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I'm hoping that someone that has some information on the 120V charging capabilities of the bolt. I realize that, in general, you wouldn't charge above 12A on 120V but I have been digging around trying to confirm if there is any way that the Bolt can be charged on 120V at say, 16 or 24 Amps? I found some level 2 chargers that are able to be limited to a customized amperage, and are auto switching between 120V and 240V. Has anyone ever successfully charged above 12A on 120V? This ties back to another post I made in a thread about charging in RV parks, but I'm really looking to focus on the technical aspect of this one. We have a lot more TT-30R (120V - 30A) available here (specifically thinking Ontario Provincial Parks) than say a 14-50R (240V - 50A).
 

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The car is limiting the charge current- the EVSE just supplies the electricity.

You could have a 120V EVSE with 1,000,000 amp capacity, the Bolt will only allow 12amps through it's charger circuit.

You'd have to hack the Bolt's charging system to allow more than 12amps at 120 volts.
 

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The EVSE has a protocol that allows it to signal to the vehicle what current it is possible to supply; the car is solely responsible for only drawing what the EVSE allows.
If your EVSE is telling the car that it's capable of 20 Amps, then the vehicle could take that amount of current. However, the Bolt appears to have it's own limits (8A or 12A for 120v supply), so it's probably going to clamp at 12A independent of what the charger claims. From a safety standpoint, that's not unreasonable. Code says that you shouldn't pull more than 80% of capacity, so for a standard 15A service 12A is all you're allowed. If you had #10 wiring (20A capable), you should be able to push 16A continuous.

Interesting question, however. If your EVSE claims it's capable of 20A at 120V, what does the Bolt do?
 

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It has no choice, it will max out at 12amps on 120v regardless of what the EVSE advertises.
120V charging is capped at 12amps period.
"It has no choice" really should be worded as "there is no configuration for the Bolt to allow more than 12 amps.".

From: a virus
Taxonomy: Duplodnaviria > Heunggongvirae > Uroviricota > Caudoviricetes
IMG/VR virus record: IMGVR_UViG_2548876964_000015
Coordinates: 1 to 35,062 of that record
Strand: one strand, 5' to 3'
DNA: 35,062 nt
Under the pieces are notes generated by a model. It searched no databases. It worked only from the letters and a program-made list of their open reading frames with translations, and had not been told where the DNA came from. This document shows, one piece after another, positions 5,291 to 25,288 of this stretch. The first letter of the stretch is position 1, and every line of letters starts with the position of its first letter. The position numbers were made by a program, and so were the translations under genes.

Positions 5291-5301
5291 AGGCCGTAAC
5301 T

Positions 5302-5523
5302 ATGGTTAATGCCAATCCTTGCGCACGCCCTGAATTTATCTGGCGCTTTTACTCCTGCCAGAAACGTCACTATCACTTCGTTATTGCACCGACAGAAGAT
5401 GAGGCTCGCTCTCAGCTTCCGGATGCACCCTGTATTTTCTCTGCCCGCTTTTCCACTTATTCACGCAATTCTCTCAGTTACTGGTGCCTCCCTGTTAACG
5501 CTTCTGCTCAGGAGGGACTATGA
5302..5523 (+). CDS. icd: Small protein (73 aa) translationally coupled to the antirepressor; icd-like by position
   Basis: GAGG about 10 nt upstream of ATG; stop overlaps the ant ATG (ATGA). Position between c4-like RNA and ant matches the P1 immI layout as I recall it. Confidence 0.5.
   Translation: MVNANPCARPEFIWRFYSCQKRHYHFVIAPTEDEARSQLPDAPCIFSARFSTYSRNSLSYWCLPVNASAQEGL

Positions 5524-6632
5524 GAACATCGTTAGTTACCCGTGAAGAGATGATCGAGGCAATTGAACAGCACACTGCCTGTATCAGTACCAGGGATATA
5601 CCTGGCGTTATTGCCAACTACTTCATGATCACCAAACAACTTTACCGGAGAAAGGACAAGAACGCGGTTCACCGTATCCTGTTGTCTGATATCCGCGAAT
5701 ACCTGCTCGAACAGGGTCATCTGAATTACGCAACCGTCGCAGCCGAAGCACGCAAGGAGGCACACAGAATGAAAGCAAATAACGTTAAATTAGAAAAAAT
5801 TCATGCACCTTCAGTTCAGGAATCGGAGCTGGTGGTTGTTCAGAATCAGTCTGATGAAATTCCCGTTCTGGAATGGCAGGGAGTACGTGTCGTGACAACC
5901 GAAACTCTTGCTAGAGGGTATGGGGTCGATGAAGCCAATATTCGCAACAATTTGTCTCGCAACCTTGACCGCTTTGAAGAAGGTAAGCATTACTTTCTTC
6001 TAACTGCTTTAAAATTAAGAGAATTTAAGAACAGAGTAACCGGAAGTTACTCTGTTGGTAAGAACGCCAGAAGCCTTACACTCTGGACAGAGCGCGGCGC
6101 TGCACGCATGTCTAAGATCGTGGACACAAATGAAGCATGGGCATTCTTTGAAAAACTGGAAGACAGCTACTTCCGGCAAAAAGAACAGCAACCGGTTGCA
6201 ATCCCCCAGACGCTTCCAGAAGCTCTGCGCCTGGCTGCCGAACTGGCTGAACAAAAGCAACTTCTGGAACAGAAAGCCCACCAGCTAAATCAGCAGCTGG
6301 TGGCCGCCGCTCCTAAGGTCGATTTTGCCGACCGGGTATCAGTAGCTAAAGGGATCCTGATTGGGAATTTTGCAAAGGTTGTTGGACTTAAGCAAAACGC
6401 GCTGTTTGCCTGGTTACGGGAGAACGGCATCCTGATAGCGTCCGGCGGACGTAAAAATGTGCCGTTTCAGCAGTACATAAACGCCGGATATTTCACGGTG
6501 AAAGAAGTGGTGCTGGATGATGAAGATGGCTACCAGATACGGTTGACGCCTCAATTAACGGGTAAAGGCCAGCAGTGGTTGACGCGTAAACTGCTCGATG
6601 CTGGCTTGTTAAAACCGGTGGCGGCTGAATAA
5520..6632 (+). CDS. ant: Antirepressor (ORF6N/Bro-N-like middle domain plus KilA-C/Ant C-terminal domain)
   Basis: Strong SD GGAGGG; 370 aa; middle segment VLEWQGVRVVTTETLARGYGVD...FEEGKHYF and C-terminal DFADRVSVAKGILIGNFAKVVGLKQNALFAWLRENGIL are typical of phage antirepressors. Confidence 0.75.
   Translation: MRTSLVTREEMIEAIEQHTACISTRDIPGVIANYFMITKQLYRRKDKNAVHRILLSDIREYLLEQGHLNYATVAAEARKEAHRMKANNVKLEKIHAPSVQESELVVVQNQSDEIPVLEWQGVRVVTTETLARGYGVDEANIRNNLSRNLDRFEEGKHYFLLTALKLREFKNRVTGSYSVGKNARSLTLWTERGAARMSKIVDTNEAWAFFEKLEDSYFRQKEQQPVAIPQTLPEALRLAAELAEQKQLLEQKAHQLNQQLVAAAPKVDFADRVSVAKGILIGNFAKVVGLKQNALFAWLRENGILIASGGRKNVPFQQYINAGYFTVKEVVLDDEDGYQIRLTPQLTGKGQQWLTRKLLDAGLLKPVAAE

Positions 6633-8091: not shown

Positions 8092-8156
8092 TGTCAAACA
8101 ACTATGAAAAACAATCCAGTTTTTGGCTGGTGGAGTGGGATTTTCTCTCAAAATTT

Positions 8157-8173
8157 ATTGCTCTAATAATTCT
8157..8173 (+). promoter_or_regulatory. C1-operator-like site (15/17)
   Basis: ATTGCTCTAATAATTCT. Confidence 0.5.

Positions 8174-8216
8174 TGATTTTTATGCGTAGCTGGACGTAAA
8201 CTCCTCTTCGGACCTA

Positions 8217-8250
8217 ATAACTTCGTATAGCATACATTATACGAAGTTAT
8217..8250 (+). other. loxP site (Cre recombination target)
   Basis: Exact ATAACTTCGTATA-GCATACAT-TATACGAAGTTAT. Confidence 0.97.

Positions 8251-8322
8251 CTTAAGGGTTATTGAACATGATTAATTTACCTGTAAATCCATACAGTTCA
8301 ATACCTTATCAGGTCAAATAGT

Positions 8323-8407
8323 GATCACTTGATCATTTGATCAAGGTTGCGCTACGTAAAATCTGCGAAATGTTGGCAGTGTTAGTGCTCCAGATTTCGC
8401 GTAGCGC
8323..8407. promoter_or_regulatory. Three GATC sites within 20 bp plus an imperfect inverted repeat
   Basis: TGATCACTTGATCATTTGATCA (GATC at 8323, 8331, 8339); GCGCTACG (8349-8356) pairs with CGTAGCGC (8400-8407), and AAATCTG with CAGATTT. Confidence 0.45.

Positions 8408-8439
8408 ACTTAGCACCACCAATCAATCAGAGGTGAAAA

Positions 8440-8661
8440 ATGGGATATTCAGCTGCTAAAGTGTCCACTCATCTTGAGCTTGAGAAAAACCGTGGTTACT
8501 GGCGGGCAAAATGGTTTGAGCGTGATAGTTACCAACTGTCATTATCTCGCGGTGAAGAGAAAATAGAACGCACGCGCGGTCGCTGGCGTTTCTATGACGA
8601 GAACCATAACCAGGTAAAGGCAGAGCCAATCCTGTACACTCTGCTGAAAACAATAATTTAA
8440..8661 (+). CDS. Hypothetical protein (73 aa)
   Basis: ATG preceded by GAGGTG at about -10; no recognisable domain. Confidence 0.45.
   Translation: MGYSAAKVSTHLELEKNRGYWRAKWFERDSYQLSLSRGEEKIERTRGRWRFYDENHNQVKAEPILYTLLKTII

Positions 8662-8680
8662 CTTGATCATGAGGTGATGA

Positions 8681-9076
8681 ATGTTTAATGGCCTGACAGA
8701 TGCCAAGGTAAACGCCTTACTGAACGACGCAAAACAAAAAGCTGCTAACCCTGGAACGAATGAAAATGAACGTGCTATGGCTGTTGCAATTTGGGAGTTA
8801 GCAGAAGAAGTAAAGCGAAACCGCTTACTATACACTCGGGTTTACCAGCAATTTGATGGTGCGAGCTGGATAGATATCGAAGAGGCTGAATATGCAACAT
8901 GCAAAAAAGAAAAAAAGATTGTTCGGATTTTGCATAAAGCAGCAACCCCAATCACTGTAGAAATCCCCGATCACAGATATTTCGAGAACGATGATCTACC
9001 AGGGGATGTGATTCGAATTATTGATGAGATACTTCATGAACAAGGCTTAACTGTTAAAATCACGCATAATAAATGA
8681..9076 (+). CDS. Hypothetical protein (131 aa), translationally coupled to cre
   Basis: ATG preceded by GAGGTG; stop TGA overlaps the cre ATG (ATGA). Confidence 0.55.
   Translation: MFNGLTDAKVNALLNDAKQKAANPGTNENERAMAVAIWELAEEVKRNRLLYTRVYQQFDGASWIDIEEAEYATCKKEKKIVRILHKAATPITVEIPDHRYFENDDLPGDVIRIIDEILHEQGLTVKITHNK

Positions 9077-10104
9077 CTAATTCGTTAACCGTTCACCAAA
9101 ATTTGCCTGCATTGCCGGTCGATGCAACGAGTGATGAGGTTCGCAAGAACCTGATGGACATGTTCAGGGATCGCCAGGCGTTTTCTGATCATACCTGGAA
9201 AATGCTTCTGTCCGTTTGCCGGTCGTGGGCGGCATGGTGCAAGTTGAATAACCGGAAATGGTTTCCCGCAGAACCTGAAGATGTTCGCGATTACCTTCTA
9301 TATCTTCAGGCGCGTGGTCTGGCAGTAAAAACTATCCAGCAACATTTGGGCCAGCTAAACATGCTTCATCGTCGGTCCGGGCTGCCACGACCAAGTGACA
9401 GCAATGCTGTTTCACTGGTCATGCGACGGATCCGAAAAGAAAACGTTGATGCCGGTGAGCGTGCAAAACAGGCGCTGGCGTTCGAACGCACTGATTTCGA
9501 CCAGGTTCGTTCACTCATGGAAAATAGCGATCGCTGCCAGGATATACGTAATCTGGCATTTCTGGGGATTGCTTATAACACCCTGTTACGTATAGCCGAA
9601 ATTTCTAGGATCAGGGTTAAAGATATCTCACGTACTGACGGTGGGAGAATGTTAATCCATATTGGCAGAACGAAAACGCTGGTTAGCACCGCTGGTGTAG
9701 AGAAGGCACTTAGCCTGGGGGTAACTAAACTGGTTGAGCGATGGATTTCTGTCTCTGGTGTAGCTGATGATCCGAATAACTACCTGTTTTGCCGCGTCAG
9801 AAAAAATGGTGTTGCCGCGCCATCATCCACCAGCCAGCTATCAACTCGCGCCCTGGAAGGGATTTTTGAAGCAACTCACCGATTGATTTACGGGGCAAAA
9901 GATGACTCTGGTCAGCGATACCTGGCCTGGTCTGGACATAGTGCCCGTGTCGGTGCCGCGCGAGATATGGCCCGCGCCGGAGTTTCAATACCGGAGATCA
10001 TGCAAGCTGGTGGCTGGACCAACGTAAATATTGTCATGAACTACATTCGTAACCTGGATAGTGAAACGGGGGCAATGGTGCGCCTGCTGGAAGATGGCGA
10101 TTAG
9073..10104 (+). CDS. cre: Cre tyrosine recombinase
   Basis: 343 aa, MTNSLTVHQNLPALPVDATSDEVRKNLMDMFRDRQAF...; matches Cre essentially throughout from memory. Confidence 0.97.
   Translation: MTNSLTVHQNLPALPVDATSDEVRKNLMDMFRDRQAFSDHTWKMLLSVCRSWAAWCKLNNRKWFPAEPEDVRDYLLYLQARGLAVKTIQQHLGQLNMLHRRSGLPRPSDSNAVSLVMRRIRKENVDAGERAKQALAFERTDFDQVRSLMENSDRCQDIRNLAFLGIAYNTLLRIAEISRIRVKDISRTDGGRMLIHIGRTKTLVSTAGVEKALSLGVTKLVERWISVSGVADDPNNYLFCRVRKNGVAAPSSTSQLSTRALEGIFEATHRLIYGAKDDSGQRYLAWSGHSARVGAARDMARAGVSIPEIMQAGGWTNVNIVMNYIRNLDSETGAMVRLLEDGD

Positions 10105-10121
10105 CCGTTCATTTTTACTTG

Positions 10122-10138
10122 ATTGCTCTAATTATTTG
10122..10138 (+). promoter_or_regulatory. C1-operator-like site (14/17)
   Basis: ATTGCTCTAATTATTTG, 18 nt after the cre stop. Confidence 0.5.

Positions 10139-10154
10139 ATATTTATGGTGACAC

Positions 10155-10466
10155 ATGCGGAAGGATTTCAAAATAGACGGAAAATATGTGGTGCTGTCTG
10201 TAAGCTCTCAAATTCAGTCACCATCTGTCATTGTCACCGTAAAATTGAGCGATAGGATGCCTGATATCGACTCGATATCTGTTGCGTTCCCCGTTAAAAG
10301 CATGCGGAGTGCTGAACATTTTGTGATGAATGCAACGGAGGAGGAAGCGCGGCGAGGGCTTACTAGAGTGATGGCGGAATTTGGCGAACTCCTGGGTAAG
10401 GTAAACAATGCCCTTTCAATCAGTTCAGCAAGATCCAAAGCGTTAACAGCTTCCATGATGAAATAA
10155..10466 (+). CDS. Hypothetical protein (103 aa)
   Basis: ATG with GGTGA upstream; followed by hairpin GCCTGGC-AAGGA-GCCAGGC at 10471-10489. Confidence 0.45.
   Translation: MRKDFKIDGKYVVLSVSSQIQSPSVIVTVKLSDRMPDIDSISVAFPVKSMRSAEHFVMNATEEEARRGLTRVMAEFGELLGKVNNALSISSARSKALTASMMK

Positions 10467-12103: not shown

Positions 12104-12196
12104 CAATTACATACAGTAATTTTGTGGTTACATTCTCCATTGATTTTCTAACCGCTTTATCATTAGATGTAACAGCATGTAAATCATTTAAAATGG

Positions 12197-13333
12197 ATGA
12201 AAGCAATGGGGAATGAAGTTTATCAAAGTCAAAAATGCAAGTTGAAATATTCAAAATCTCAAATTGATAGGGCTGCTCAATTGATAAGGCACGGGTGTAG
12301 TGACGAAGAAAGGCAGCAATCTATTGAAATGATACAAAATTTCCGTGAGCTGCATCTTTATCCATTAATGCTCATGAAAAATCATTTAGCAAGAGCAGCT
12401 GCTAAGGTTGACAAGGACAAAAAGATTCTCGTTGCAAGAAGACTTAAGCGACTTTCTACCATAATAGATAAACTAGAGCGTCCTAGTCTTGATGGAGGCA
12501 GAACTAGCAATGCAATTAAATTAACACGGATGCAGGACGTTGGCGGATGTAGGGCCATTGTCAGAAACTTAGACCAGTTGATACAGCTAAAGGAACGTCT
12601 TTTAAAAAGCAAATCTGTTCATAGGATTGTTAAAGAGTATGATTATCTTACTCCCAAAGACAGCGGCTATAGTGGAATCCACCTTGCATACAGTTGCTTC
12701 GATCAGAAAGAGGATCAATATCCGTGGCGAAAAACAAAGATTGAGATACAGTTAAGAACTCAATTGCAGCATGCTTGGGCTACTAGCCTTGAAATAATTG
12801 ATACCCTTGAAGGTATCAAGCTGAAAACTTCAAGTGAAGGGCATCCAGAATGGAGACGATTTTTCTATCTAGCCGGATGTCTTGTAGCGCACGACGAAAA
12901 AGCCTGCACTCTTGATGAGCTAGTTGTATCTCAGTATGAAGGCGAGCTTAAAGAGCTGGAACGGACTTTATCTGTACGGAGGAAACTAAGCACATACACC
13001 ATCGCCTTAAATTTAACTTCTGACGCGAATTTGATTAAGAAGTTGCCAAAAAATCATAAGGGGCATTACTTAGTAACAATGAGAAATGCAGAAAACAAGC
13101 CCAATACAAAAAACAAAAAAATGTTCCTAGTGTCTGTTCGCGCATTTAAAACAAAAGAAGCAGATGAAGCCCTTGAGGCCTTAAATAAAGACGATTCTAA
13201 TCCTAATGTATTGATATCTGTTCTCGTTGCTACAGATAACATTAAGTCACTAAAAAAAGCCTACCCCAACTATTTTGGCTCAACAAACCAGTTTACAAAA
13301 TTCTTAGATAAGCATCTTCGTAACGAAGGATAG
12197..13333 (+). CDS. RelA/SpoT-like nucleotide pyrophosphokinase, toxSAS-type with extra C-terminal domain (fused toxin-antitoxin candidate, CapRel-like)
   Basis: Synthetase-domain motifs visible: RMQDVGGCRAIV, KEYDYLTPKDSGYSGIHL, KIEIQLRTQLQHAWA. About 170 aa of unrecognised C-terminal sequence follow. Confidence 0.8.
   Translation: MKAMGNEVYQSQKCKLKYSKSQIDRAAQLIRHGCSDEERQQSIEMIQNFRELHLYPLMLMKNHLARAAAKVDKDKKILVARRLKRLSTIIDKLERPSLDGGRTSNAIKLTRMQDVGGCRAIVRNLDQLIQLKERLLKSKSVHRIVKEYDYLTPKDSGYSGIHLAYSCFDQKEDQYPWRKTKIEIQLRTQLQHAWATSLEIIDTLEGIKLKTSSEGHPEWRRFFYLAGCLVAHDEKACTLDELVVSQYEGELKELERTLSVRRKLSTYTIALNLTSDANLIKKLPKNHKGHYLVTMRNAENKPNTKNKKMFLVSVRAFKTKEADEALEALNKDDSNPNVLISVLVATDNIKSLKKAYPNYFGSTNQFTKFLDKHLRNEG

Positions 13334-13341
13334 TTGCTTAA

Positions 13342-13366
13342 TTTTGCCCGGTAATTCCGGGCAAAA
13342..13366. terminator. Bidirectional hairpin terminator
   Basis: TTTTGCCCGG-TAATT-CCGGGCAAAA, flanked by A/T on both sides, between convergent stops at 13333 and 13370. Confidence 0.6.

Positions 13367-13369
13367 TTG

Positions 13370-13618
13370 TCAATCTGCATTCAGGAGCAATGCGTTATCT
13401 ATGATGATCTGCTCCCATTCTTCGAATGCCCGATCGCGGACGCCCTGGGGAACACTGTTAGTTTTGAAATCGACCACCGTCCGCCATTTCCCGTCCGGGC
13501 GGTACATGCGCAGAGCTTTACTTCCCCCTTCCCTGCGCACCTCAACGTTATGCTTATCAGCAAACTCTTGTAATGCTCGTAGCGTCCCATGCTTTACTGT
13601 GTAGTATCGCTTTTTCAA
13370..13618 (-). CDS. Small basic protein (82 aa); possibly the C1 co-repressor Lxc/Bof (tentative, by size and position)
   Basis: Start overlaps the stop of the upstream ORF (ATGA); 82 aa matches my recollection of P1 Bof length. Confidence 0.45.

J1772 allows up to 16A at 120v. If GM allowed that, and it caused a fire due to someone trying to pull 16A by "upgrading" a breaker, it'd be a lawsuit that they want to avoid. Setting a 12A upper limit is conservative.

Does anyone know what other EVs set for limits here?
 

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Tesla's will charge at most any amps @ 120v, 12, 16, 24 (for RV camp plug's that have 120v/30 amp plugs) - http://www.livingthervdream.com/120-volt-rv-electrical-system.html - Tesla's also support 240v @ most any AMP setting you like up to 72/80 AMP current draw (80 amp for older dual charger [optional] configuration, and 72 amps for the newer single charger [48 amps standard, 72 amp optional], and they of course work with the entire range of J-1772 allowed settings if you encounter a charger that supports one (for example I know of a 70 amp J-1772 charger in downtown San Luis Obispo).

I'm told this is a typical RV park setup…'

http://www.livingthervdream.com/120-volt-rv-electrical-system.html
 

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BTW the difference between 120 volts @ 12 amps and 120 volts @ 16 amps isn't that much in terms of actual benefit

1440 watts vs. 1920 watts (1.44 kW vs. 1.92 kW)

charging the Bolt @ 12 amps (from empty) = ~47 hours
charging the Bolt @ 16 amps (from empty) = ~35 hours

in either case I'd only charge long enough to get enough Juice to drive to a DCFC or 30 amp public charger.
 

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I'm just curious if anybody has actually used the 120v EVSE that comes with the Bolt and how much charge they get overnight?
Not a lot. Plugged overnight mooching power in a hotel parking garage, set to 8 amps. 120V * 8A = 960 watts. That's going to take 62.5 hours to charge the full 60kWh.
Or, putting it another way - say you get 4 miles per kWh. That means that you get 3.84 miles per hour of charging that way.

OK, let's do that for 12 amps. 1.440 kW charge. 5.76 miles per hour of charge.
That's why level 2 is so important. 240V * 32A = 7.680 kW, for 30.72 miles per hour of charge.

So my mooching wasn't worth it - ended up topping off using the DCFC across the street. Somehow my brain thought that overnight at 8A would make a real dent, but not really.
 

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I'm just curious if anybody has actually used the 120v EVSE that comes with the Bolt and how much charge they get overnight?
I actually use it as my sole charging source at home. My commute is around 50 mi (round trip) every week day. I plug the car in when I get home, usually total charging time is between 8-13 hours. I use 12A setting, so I get about 4 miles or so an hour. On most days, charging completes before I leave to commute the next day. If I have a week of lots of traffic free driving, I can catch up on weekends when I tend to drive less.

When I've done lots of driving in a short period of time, I'll usually catch up at a nearby public charger somewhere.
 
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